Encouraging parents in their efforts to raise their children to be enthusiastic servants of the Lord.
Author: Thereasa Winnett
Thereasa Winnett is the founder of Teach One Reach One and blogger at Parenting Like Hannah. She holds a BA in education from the College of William and Mary. She has served in all areas of ministry to children and teens for more than thirty years and regularly leads workshops for ministries and churches. She has conducted numerous workshops, including sessions at Points of Light’s National Conference on Volunteering and Service, the National Urban Ministry Conference, Pepperdine Bible Lectures, and Lipscomb’s Summer Celebration. Thereasa lives in Atlanta, GA with her husband Greg, where she enjoys reading, knitting, traveling and cooking. Their daughter Katrina, who has been an integral part of their service adventures, attends Pepperdine University.
Over the years, I have had numerous discussions with parents about what to study with their children when they start asking questions about baptism. A few years ago, my own daughter began showing an interest in baptism. Over the course of a week, I wrote a study as we talked about what she knew and what concerns she and her friends had about baptism. I based the lessons not only on scripture, but on the common questions she and her friends had on the subject.
Over time I have lengthened the study. I did this for two reasons. One to provide meaningful support activities for parents to use to help their children grow spiritually either before or after their baptism. The second reason was to provide a subtle way for parents with children who really aren’t ready for baptism to continue the dialogue with their child over a longer period of time. The leader’s guide gives you guidelines about shortening the study for children who are ready and lengthening it for children who are not quite ready. The leader’s guide also has additional scriptures that can be used with children who need further study in a particular area.
I am making this available here for free to any parent who may find it helpful. May God bless you as you study with the children in your life.
When our daughter was about four or five years old, we decided we wanted to make sermon time more relevant and not just a quiet play time. Realistically, she was not old enough to listen to or understand an entire sermon. We wanted her to learn however, that the preacher was trying to teach Bible lessons during sermon time.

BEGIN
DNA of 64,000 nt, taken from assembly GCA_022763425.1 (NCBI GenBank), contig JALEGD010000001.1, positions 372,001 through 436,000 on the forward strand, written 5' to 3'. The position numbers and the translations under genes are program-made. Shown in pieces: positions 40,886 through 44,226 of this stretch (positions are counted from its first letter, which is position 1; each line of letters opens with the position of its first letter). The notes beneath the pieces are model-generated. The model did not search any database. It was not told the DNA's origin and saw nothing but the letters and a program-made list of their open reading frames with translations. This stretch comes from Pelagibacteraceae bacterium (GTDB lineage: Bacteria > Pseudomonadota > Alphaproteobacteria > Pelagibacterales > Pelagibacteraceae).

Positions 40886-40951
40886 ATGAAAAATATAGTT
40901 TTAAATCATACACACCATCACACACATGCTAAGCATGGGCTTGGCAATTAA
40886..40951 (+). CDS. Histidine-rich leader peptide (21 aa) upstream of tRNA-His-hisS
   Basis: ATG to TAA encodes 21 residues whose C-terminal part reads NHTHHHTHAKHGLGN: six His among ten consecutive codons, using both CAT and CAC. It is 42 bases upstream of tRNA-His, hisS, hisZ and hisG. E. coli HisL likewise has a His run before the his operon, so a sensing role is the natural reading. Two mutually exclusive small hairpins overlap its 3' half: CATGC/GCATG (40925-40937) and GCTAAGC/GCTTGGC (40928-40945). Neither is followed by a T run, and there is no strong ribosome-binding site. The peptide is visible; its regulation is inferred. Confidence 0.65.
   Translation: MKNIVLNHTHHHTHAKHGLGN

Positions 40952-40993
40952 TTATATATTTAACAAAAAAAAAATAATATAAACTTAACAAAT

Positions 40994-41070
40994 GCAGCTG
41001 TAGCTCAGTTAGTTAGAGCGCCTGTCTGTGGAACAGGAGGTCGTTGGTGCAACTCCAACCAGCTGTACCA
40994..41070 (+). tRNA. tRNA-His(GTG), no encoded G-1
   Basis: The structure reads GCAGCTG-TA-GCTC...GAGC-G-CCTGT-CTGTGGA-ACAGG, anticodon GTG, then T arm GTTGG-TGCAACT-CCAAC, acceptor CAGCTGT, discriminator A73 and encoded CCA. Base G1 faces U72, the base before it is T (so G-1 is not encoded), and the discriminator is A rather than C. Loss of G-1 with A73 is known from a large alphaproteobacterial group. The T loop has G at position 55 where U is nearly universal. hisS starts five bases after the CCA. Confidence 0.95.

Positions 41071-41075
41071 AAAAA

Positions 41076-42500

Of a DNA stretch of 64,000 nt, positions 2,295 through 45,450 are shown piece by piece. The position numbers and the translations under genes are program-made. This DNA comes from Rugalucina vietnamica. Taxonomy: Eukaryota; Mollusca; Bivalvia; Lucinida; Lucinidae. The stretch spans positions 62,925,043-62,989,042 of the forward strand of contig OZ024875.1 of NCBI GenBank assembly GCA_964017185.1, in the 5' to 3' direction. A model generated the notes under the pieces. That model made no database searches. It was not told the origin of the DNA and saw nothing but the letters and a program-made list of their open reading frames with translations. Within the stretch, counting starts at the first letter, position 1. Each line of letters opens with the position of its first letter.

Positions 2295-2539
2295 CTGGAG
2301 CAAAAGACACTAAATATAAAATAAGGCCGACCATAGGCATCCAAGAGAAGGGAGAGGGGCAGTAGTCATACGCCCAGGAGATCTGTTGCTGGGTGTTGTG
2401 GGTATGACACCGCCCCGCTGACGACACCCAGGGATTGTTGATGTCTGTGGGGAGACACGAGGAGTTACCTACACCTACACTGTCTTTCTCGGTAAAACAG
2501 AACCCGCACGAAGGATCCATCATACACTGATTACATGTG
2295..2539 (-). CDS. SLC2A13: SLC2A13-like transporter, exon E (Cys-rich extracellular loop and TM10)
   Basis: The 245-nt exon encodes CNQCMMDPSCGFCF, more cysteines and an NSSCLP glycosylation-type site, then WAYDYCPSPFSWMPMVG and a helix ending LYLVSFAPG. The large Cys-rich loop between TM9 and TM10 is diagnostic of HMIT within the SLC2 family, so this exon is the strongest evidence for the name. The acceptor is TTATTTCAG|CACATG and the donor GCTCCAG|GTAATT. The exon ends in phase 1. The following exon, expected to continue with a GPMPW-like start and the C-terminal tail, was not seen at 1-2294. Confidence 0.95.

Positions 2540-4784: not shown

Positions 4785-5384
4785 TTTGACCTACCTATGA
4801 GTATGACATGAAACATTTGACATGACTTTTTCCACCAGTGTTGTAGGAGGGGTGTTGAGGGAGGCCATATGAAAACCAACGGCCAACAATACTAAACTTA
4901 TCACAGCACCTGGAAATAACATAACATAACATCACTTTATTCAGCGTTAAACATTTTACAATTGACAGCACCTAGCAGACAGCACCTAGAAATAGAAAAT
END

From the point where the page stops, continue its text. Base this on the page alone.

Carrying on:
I went to the school supply store (I believe you can find them in office supply stores also) and found a spiral notebook that has story paper in it. The top of the page is just white space and then there are a few lines in the last third to use for writing.
During sermon time, whoever was helping her “take notes” would draw pictures about the story or theme of the sermon. My daughter could then spend the rest of the sermon coloring and adding to the drawings if she knew the story.
Our daughter is currently working on her Silver Award project for Girl Scouts. She is collecting hundreds of books and setting up libraries and a reading incentive program for the children in a children’s home in Mexico. Although the award only requires a service project of 40 hours, her completed project will take probably three times that amount of hours to complete. Yet she is excited and has managed the project with a flair and maturity well beyond her years. I believe this is not only because she has a passion for the project, but because of her love for the recipients.
When our daughter was two years old, she went on her first mini mission trip. We were vacationing in Mexico and went for the day to encourage a missionary family we knew in another town. Since then, we have been on numerous full length mission trips to help with a children’s home that was established in that city. Our daughter would move to Mexico in a heartbeat to help with the mission. The worst punishment we could give her would be to lengthen the time between our visits. In fact, we often joke that one day she will live with her future husband in Mexico as full time missionaries.
When I gave birth to my daughter, I kept thinking about the Bible story of Hannah. Like Hannah, I was having my first child later than many women. I meditated on the verses in I Samuel chapter one. I marveled at the grace of Hannah as she not only dedicated her young son to the Lord, but later left him to be raised by Eli.
I longed to have the attitude of Hannah. While I have no desire to send my child to be raised by someone else, my husband and I wanted to dedicate her to the Lord. I prayed to the Lord that He would give us the wisdom to train her heart and mind to long to follow His path for her.
Over the years, I have studied scripture to glean wisdom on training children. I have quizzed women who have adult children who love the Lord. I have used what I learned while studying for my degree in education to write Biblical lessons for my daughter that were fun, exciting, real and practical.
I hope to use this blog to encourage parents who embark on the journey of raising children they have dedicated to the Lord. I don’t claim to have all of the answers as I am still on the journey. I only know what has worked for us (so far) and what I have learned from more experienced mothers whose children are still actively faithful to the Lord.
I pray you will join me on this journey. May God bless each of us as we attempt to raise our children to be enthusiastic servants of the Lord.